His Stay at Mahanaim
2 Samuel 17
We have seen how God made use of Hushai, David’s friend to defeat the counsel which Ahithophel had proposed to Absalom. This meant a short breathing space was afforded the fugitive king. Hushai at once took steps to acquaint his master with his success (17:15, 16). The two priests who served as messengers were obliged to take refuge in a farmer’s house at Bahurim, biding in a well, which his wife covered—how many strange and unexpected places have sheltered the servants of God from their enemies only the Day to come will fully reveal. Incidentally, let us note how this episode teaches us that so far from acting rashly and presumptuously, we should always avail ourselves of any lawful means which a merciful providence supplies for us. True faith never leads to fanaticism or fatalism, but moves us to act with prudence and with good judgment.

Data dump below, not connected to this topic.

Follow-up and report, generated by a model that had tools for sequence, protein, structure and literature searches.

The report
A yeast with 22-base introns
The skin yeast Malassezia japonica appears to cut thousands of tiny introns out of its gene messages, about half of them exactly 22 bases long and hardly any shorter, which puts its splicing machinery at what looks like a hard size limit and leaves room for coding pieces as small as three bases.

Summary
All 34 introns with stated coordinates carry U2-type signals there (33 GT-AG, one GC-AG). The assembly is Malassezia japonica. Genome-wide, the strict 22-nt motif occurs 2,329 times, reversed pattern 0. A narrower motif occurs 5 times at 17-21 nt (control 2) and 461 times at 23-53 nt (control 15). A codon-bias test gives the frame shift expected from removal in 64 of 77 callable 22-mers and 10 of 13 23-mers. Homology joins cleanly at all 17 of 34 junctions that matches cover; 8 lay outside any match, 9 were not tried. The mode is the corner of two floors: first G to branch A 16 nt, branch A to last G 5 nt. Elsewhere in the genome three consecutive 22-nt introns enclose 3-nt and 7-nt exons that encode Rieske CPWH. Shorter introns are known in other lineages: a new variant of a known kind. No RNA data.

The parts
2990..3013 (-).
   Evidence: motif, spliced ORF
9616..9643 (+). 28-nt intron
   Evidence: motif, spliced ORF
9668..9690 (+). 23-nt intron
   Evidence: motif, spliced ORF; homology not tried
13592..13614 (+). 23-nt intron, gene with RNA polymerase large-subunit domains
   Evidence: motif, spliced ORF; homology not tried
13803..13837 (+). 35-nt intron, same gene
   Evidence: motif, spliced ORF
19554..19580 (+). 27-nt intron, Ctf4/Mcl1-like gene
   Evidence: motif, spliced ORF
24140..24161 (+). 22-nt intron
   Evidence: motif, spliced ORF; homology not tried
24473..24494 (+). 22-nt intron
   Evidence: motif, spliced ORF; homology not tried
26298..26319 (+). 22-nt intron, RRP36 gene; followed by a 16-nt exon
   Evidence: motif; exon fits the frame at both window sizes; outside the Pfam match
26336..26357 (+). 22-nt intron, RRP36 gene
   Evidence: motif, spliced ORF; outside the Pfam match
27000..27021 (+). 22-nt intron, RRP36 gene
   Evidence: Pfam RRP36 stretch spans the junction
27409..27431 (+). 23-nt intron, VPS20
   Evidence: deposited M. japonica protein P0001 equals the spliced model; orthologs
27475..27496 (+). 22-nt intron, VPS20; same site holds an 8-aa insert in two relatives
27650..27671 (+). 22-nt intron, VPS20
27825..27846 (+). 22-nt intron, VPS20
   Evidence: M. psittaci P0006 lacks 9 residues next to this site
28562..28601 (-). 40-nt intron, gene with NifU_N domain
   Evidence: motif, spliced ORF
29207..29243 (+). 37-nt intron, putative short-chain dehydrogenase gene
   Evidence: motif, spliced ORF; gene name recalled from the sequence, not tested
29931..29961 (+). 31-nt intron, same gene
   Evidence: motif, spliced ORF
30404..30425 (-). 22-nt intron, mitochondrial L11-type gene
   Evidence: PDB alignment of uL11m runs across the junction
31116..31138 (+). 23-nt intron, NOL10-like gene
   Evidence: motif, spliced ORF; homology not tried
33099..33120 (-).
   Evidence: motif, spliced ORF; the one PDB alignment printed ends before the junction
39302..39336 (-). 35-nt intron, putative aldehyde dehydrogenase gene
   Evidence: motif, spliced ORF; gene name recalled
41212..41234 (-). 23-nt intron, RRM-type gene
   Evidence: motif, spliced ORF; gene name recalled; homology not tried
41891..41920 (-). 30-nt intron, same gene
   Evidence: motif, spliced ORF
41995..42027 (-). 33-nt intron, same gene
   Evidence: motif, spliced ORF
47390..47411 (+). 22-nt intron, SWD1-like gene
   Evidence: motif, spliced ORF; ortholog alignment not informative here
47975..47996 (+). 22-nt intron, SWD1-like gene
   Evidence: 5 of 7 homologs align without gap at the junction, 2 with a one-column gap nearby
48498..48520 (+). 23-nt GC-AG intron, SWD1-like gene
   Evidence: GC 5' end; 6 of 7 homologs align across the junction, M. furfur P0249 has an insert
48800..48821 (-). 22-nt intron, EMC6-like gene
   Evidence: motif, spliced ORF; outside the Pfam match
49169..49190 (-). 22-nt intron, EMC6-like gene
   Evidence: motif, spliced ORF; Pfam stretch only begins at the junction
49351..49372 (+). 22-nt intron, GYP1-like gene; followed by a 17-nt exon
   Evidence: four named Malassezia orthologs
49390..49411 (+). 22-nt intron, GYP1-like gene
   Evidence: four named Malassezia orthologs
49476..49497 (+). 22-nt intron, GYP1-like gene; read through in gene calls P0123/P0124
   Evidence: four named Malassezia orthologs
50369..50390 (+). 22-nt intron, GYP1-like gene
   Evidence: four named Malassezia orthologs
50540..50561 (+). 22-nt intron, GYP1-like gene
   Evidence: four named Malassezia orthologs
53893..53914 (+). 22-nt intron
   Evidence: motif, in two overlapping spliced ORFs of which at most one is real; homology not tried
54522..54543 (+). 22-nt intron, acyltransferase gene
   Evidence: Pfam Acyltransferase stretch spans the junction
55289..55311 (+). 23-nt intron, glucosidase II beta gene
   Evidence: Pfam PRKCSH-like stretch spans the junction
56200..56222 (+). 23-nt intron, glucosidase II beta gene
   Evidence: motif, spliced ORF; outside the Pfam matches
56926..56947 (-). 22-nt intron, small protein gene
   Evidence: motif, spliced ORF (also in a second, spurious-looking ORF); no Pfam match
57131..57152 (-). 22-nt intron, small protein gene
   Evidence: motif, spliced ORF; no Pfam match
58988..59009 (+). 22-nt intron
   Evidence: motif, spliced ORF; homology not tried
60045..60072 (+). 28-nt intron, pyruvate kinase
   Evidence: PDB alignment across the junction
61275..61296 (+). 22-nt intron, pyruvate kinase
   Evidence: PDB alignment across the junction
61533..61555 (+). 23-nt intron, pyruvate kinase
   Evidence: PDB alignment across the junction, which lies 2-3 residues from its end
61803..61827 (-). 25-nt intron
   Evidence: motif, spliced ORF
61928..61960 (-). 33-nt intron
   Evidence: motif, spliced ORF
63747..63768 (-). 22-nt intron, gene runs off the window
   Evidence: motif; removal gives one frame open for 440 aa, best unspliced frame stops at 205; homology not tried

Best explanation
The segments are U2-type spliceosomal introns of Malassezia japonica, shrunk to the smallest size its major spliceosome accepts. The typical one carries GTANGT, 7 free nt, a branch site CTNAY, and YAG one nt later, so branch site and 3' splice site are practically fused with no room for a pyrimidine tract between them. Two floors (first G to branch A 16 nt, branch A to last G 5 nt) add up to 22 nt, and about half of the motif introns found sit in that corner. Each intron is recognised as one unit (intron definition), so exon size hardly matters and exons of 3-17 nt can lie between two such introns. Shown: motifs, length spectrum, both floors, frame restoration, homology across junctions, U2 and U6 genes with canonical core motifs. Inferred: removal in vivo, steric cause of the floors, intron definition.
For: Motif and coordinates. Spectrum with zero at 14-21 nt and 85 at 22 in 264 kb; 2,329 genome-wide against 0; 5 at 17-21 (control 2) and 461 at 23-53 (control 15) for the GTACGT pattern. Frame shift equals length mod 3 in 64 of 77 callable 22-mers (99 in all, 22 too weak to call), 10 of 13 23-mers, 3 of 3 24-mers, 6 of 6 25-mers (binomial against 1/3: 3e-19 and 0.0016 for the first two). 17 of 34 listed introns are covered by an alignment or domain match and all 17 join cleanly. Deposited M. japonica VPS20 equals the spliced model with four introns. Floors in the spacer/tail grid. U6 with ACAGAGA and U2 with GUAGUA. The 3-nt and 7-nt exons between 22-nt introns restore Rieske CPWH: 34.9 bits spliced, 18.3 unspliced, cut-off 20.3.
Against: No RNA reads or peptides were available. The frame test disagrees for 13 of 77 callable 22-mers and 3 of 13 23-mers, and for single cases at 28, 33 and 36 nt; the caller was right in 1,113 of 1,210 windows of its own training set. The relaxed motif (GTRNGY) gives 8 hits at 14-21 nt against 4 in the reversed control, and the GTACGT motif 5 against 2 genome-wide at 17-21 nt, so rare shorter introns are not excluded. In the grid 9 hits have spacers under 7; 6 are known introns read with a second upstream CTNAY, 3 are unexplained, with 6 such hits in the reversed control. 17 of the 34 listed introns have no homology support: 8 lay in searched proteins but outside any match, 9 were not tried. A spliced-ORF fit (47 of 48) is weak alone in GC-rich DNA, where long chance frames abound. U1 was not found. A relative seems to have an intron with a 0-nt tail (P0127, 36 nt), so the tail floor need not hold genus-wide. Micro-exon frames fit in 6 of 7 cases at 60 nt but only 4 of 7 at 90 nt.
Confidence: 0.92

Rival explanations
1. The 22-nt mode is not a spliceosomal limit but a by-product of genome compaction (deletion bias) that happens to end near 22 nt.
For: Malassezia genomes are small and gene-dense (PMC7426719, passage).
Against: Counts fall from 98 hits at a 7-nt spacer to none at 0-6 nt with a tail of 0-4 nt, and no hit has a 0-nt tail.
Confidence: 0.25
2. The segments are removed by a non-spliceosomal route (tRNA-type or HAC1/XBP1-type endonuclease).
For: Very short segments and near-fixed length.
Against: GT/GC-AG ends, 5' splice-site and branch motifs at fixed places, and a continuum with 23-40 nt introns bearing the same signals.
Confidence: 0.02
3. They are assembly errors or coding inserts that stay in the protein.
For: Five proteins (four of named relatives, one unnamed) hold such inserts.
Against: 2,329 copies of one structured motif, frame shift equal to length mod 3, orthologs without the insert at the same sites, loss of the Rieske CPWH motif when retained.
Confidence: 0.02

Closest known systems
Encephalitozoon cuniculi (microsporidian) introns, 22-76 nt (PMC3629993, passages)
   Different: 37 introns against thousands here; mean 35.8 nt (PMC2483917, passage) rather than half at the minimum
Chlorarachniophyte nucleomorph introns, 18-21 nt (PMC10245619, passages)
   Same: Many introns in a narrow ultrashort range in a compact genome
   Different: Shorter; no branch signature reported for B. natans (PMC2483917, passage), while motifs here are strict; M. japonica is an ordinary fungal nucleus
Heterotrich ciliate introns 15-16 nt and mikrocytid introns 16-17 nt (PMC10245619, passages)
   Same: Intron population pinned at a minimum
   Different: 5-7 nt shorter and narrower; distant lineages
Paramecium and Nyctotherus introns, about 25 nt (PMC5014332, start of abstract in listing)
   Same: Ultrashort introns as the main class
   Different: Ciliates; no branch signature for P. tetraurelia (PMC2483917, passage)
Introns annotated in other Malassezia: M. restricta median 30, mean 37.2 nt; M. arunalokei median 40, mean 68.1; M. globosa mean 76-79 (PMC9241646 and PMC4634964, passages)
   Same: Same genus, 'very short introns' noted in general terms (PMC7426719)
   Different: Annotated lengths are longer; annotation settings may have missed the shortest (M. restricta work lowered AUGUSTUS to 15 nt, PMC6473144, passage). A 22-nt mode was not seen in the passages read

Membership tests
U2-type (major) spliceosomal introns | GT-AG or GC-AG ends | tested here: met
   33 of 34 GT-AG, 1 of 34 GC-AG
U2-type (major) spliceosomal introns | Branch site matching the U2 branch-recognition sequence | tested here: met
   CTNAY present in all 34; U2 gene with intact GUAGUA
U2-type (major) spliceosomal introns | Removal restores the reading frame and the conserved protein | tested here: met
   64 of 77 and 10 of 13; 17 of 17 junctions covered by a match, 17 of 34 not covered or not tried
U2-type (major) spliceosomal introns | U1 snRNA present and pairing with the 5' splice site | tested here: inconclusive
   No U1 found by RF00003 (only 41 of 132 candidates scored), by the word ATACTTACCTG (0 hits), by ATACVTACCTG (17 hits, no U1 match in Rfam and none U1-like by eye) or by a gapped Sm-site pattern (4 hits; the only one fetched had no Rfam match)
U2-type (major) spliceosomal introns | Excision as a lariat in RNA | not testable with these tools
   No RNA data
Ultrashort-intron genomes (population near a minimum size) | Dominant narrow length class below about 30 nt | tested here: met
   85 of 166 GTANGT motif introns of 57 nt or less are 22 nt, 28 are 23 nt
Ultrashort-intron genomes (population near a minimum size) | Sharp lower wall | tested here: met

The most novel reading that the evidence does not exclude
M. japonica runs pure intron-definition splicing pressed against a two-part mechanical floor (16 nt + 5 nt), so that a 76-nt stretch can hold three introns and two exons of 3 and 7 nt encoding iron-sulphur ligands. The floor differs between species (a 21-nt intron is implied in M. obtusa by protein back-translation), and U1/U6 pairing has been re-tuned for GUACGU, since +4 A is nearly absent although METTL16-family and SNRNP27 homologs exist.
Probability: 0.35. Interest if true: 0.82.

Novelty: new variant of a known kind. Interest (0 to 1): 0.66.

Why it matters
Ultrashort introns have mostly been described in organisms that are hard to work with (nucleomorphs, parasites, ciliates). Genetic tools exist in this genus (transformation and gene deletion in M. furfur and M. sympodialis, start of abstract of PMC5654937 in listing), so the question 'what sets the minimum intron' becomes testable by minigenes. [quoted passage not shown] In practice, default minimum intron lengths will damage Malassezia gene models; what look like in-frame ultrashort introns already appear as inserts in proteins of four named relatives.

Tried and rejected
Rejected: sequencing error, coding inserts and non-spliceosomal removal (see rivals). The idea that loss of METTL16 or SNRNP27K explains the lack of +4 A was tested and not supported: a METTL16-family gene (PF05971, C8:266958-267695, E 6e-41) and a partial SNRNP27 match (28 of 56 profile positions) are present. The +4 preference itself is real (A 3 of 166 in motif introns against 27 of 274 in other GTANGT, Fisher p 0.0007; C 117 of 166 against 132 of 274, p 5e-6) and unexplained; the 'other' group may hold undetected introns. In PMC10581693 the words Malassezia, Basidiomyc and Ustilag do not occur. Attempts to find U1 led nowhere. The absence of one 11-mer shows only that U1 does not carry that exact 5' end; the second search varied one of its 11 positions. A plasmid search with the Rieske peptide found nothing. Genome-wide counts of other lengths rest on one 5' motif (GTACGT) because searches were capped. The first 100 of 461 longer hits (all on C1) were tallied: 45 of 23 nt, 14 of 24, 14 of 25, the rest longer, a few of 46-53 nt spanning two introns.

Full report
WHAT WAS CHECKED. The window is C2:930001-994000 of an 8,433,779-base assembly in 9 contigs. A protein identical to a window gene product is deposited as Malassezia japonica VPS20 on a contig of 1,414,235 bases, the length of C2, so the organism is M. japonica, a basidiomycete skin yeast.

It was well that the two messengers had taken this precaution, for they were pursued and tracked to the place where they were hiding, but through the woman’s prevarication their enemies were sent on a false trail. "And it came to pass, after they (the pursuers) were departed, that they came up out of the well, and went and told king David, and said unto David, Arise, and pass quickly over the water; for thus hath Ahithophel counselled against you. Then David arose, and all the people that were with him, and they passed over Jordan: by the morning light there lacked not one of them that was not gone over Jordan" (17:21, 22). "This was a remarkable instance of God’s providential care over His servant and his friends, that not one was lost, or had deserted, out of the whole company; and he was in this a type of Christ, who loses none of His true followers" (Thomas Scott). For the antitype see John 18:8, 9.